Julie actually went on television following the Tophams’ win to beg for her son to speak to her again. Appearing on ITV’s morning talk show Daybreak, Gamble wished to send out a message to her son. “I love you, and I’ll always be here for you, no matter what.” Gamble insists she only used the platform to ask her son to speak to her again – “I don’t want any of the money. I don’t want anything.” Matthew kept his silence, though, and there was no reconciliation.
At any rate, the Topham’s decision to move to a modest home in their town rather than immediately buy a mansion seemed odd to their neighbors. Already when they moved to the $325,000 home – still a major upgrade from their $80,000 two bedroom semi a few blocks away – they seemed to have some neighbor trouble. “It’s a pretty claustrophobic part of the road,” said one neighbor, “and parking is an issue. Most people have a single car garage. We are constantly getting blocked in.”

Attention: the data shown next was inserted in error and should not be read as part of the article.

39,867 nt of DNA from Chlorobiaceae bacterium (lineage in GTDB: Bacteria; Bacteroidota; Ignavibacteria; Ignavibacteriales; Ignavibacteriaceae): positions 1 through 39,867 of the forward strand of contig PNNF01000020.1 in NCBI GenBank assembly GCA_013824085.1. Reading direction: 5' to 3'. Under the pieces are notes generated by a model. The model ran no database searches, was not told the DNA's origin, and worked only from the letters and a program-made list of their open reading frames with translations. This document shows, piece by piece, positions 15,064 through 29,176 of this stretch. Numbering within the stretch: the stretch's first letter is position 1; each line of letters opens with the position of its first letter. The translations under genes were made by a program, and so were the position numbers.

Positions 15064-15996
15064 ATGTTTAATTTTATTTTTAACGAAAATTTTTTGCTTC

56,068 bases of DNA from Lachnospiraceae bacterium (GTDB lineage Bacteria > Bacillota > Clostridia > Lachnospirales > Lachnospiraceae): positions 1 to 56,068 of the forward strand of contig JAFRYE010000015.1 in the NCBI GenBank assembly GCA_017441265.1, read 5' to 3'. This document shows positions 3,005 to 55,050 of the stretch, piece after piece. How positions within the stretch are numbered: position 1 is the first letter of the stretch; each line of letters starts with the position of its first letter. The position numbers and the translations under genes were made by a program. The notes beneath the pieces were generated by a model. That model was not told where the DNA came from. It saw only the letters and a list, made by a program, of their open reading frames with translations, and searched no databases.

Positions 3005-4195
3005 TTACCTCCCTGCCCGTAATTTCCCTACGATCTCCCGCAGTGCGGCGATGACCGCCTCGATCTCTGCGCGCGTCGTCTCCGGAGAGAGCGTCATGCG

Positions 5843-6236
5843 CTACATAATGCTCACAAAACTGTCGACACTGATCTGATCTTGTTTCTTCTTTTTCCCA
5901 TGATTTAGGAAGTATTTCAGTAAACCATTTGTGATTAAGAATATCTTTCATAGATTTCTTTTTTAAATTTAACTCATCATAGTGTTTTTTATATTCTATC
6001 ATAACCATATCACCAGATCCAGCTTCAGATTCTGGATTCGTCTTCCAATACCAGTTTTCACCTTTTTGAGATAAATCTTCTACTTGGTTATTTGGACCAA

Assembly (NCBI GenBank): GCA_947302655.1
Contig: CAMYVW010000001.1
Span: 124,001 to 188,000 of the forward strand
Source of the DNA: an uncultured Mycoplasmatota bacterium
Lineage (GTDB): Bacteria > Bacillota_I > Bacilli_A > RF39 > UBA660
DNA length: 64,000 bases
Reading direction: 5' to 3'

‘Now I can find out’
Still, after about two years of what was considered modest spending — in comparison to the sum of the winnings — the couple, perhaps more settled in their newfound status and yearning for more. Matthew, a decorator by trade, said in 2014 to the daily mail that he had always painted huge mansions and wondered so much what it would be like to live in one. And the couple, now parents to baby boy Alfie, bought a mansion. And so they could now finally find out.
The Rainbow Connection
So, the Tophams set out to purchase a mansion. Since their plan was to create a home of their own, they needed a resident-free mansion, one that would allow them the land and space to create the home of their dreams. Luckily, an art-deco heritage home was up for sale in the most prestigious area of Nottinghamshire: The Rainbow House, a known mansion in the area that sat on a perfect location for the Tophams’ plan.